This offseason C.J. Cron signed a one-year deal with the Detroit Tigers worth $6.1 million dollars. It seems like a bit much for a player who’s never had a single season above a 2.2 WAR. Through 6 major league seasons, C.J. Cron has a career 4.6 WAR. That means that he averages about a 0.8 WAR per year. So, the question is: Why did C.J. Cron just get paid $6 million dollars?
When you take a deeper look at how C.J. Cron performs at the plate, it becomes evident that the Tigers are paying him for the player that he could become and not the player that he currently is. Cron is entering his age 30 season which usually means that he should be at the back-end of his prime. I wouldn’t exactly call Cron’s production a “prime” though as his performance isn’t something to take note of. His best year came in 2018 with the Rays. It was that season where Cron recorded the infamous 2.2 WAR the I referenced earlier on. Cron hit 30 long bombs that year but that’s about it. He only carried a .253/.311/.469 slash line showing that he isn’t exactly a productive hitter.
I will say though that when it comes to Statcast metrics, Cron mashes the baseball. Cron posted a 10.6 Brls/PA% (Barrels per plate appearance) in 2019 which ranked 6th best in all of baseball. When you go to the leaderboard section of Baseball Savant, Brls/PA% is the first ranking that you see. Cron fell behind Nelson Cruz, Gary Sanchez, Mike Trout, Aaron Judge, and Miguel Sano in that order. So, why doesn’t Cron produce like those talented hitters?
Well for one Cron didn’t had the best luck at the plate in 2019 as he recorded a .277 BABIP. The league average usually falls close to .300 showing Cron was less fortunate than most. Part of the reason for this is that Cron is heavily shifted against. In 2019 Cron was shifted against 20.8% of the time. His wOBA without the shift was .407 while against the shift he recorded a .304 wOBA. So, the shift does some damage to Crone.
The impact that the shift has on Crone and his luck against the defense goes beyond those numbers too. As I mentioned Crone only carried a .469 SLG% in 2019. However, when we incorporate statcast Crone finished with a .548 xSLG. That puts him in the top 9% of the league. So Crone’s surface-level stats don’t exactly show a talented hitter but once we incorporate more accurate numbers it’s evident that Crone does have some value.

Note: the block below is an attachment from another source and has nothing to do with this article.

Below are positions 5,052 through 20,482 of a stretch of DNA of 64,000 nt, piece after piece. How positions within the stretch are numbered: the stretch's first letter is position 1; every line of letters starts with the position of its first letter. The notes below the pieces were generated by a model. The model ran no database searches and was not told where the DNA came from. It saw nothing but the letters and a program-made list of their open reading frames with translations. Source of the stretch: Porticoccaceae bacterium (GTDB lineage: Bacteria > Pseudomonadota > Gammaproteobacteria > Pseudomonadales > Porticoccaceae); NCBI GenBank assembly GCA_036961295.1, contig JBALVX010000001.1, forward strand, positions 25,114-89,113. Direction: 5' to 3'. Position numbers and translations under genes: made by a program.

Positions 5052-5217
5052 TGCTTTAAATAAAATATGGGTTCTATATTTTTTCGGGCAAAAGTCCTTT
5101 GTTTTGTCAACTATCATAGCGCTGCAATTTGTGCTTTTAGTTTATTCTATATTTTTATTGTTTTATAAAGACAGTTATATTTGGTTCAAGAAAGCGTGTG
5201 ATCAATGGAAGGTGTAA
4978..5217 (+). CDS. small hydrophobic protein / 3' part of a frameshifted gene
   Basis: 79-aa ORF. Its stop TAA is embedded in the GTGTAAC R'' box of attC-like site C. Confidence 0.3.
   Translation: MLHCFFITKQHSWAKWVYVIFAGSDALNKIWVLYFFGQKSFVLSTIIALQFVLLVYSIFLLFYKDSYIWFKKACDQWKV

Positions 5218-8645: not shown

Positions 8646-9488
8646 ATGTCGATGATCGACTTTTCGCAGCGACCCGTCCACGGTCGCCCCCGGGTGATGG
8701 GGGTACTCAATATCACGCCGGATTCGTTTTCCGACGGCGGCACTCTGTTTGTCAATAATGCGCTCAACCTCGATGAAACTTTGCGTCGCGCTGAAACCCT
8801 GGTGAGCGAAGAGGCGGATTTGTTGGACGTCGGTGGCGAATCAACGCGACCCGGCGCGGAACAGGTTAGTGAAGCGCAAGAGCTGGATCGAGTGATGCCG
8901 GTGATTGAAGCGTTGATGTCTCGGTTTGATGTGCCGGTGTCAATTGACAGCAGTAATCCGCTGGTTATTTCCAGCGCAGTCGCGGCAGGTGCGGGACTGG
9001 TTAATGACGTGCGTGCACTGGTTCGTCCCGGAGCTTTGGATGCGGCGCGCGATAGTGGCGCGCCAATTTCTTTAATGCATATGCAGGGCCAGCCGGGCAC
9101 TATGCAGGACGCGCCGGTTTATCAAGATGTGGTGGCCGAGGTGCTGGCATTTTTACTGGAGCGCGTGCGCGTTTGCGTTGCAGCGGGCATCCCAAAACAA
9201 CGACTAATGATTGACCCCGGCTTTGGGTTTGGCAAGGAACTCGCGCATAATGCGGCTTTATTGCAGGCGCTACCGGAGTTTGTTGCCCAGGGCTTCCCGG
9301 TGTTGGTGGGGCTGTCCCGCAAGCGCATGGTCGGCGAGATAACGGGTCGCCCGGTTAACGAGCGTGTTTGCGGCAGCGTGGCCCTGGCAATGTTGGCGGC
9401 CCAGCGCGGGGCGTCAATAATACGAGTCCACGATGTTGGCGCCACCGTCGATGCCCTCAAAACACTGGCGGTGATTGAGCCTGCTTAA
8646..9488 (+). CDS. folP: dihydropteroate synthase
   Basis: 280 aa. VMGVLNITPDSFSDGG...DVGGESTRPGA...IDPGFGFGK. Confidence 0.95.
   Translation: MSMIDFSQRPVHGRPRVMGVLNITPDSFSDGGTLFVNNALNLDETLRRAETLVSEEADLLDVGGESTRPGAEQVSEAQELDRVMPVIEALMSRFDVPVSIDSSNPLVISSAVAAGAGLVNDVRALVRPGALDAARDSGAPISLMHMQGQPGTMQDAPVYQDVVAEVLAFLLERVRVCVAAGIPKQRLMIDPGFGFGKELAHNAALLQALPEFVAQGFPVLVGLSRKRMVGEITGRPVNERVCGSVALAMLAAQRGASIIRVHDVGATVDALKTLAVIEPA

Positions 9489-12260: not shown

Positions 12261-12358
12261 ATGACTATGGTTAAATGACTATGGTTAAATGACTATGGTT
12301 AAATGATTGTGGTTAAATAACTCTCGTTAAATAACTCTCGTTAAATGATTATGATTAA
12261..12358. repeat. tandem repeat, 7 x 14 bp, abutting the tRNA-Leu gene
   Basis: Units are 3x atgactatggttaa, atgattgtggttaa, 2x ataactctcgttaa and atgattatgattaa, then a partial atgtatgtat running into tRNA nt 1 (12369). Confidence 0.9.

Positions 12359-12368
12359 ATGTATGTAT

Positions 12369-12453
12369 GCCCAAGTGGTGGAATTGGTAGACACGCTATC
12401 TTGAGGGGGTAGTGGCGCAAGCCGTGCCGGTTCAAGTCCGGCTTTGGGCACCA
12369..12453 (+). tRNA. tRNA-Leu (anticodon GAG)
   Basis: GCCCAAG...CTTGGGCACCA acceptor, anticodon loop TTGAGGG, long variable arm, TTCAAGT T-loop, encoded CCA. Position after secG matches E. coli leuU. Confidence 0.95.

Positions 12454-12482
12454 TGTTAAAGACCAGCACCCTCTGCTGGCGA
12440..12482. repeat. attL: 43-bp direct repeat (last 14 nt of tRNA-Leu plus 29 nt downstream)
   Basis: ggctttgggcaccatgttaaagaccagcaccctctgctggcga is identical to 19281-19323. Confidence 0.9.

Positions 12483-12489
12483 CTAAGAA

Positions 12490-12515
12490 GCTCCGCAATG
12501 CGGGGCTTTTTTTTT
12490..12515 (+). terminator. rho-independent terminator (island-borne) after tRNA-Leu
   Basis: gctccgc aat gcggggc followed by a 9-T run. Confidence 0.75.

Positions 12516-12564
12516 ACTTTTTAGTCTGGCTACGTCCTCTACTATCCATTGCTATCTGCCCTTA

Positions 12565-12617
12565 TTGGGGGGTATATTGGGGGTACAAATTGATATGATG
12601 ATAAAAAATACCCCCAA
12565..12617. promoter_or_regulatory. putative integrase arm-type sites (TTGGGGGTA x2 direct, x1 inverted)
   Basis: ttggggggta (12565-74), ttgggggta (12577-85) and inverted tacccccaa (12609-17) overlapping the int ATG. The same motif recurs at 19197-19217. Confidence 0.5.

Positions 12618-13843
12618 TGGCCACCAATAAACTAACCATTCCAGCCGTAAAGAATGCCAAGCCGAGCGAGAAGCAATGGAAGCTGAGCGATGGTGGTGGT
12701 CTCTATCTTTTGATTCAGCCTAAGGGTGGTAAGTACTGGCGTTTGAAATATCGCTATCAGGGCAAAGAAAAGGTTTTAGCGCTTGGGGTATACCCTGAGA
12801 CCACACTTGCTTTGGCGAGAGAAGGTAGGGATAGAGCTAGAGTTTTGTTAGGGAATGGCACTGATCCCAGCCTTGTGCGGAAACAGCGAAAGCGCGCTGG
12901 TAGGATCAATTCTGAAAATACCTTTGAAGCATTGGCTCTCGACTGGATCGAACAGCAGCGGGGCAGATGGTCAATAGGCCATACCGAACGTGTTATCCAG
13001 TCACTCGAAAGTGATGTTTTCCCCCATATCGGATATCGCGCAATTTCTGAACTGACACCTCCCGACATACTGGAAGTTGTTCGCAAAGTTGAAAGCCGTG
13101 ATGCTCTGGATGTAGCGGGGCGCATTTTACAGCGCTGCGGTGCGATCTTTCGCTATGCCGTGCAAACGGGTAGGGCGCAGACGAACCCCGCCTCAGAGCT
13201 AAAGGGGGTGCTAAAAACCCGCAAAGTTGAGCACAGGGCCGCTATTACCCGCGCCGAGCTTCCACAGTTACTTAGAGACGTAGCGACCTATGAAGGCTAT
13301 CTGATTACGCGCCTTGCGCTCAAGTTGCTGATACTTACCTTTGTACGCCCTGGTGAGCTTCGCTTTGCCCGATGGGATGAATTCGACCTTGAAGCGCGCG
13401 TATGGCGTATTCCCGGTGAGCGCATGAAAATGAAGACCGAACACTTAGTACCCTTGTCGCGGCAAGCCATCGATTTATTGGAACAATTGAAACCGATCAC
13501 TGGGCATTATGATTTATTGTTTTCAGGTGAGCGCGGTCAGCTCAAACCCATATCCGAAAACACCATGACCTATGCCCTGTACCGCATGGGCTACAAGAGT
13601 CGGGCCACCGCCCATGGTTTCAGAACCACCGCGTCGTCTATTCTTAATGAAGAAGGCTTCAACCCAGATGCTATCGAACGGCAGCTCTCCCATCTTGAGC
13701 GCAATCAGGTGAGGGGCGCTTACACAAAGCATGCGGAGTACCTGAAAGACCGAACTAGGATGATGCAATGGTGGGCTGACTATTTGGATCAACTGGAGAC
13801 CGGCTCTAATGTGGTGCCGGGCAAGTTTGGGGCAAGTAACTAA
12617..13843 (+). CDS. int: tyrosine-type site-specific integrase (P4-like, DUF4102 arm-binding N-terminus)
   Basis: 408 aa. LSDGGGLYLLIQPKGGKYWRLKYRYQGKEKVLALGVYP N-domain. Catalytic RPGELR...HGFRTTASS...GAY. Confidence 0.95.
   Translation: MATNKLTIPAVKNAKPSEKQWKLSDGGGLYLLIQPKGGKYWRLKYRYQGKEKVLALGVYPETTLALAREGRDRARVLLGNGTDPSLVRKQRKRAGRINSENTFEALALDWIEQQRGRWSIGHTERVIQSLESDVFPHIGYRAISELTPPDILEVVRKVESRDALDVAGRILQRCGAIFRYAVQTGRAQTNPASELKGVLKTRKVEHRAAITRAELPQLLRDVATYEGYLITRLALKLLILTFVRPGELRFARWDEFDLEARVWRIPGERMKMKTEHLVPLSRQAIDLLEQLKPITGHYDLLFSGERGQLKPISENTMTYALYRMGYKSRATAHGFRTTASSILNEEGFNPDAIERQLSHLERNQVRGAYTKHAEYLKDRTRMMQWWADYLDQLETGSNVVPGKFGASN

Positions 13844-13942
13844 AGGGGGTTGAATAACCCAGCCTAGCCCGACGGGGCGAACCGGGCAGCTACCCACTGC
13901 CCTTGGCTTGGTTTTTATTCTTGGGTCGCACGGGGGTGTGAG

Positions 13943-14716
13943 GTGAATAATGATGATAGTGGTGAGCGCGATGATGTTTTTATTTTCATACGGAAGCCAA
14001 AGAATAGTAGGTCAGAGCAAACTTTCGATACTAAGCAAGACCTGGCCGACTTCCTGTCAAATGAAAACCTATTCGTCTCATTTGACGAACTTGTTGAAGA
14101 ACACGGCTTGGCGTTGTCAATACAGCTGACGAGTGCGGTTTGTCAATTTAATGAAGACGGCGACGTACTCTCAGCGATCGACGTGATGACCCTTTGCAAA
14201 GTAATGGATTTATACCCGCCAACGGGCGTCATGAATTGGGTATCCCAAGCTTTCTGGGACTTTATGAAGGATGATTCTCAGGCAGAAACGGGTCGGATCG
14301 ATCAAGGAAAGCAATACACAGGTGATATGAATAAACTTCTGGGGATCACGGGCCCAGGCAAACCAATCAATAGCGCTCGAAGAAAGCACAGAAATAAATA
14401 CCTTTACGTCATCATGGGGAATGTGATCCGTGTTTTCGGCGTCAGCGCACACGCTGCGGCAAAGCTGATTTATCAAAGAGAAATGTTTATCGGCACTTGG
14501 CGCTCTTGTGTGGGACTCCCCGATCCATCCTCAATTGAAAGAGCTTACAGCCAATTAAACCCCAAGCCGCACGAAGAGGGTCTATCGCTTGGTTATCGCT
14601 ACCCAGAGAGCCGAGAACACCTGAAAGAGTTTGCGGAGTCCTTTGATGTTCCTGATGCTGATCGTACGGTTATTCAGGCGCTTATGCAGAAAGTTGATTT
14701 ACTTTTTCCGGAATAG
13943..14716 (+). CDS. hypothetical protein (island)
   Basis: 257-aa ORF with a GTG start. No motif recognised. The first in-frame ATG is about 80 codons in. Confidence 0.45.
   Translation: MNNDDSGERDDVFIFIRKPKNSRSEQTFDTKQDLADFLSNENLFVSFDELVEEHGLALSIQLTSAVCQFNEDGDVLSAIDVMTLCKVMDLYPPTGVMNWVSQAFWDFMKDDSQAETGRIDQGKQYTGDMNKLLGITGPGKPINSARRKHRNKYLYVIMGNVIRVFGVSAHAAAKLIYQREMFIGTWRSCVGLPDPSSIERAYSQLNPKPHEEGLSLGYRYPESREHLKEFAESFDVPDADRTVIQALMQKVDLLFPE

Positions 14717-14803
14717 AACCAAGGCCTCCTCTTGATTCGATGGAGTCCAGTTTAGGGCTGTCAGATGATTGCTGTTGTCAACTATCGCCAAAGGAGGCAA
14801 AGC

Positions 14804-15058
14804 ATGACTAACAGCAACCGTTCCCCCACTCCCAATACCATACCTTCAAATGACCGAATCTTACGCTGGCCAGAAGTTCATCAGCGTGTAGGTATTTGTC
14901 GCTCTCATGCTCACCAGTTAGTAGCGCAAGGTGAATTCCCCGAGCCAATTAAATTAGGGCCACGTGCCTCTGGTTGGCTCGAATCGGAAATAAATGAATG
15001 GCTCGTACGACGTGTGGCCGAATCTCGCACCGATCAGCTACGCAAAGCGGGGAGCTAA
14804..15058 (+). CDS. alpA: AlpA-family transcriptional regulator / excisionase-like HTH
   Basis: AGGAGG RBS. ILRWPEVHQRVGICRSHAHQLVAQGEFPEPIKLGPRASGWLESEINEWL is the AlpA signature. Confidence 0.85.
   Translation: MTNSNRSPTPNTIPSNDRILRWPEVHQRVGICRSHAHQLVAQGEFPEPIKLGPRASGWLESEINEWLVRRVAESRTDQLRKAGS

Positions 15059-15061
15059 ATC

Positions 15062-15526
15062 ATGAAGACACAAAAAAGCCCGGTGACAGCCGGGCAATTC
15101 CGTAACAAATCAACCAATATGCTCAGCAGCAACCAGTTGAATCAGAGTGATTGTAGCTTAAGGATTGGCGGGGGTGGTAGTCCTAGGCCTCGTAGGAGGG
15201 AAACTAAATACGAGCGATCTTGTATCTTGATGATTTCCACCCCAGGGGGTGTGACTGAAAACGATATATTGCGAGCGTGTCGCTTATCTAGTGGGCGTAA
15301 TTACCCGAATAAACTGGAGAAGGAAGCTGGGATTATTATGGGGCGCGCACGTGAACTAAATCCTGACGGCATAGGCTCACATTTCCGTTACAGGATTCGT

As I mentioned earlier, Cron finished for 6th best in 2019 in barrels per plate appearance. He basically performed at a rate where he would barrel up a baseball once every ten times at the plate. I would consider that to be valuable. In total, C.J. Cron carried a 15 Barrel% in 2019 which put him in the top 5% of the league and it has increased year after year. So, it seems that the conclusion is evident. C.J. Cron is increasing his power each season and is becoming a better player. 2019 was an unlucky year for him but he still found a way to drive the ball.
One thing that does still limit Cron, is his ability to get on base. In 2019 he had a .311 OBP. Across the entire league that ranked 24th worst out of hitters with at least 450 plate appearances.
One bright spot though is that his chase% is getting better. Although in order to make significant progress in getting on base, he is going to need to make a leap. If you notice in the line graph above his improvements have been marginal.
It’s evident that the Tigers are paying Crone six-million dollars in hopes of the player that he could become. With it only being a one year contract it’s a smart move. If Crone does indeed continue to improve and somehow overcome the limits placed on him by the shift, then the Tigers could flip him for some prospects come the trade deadline. If that is indeed how the situation pans out, then it’s exactly what the Tigers are aiming for. If not, then it was a smart and educated risk to take on a player that does have some future potential.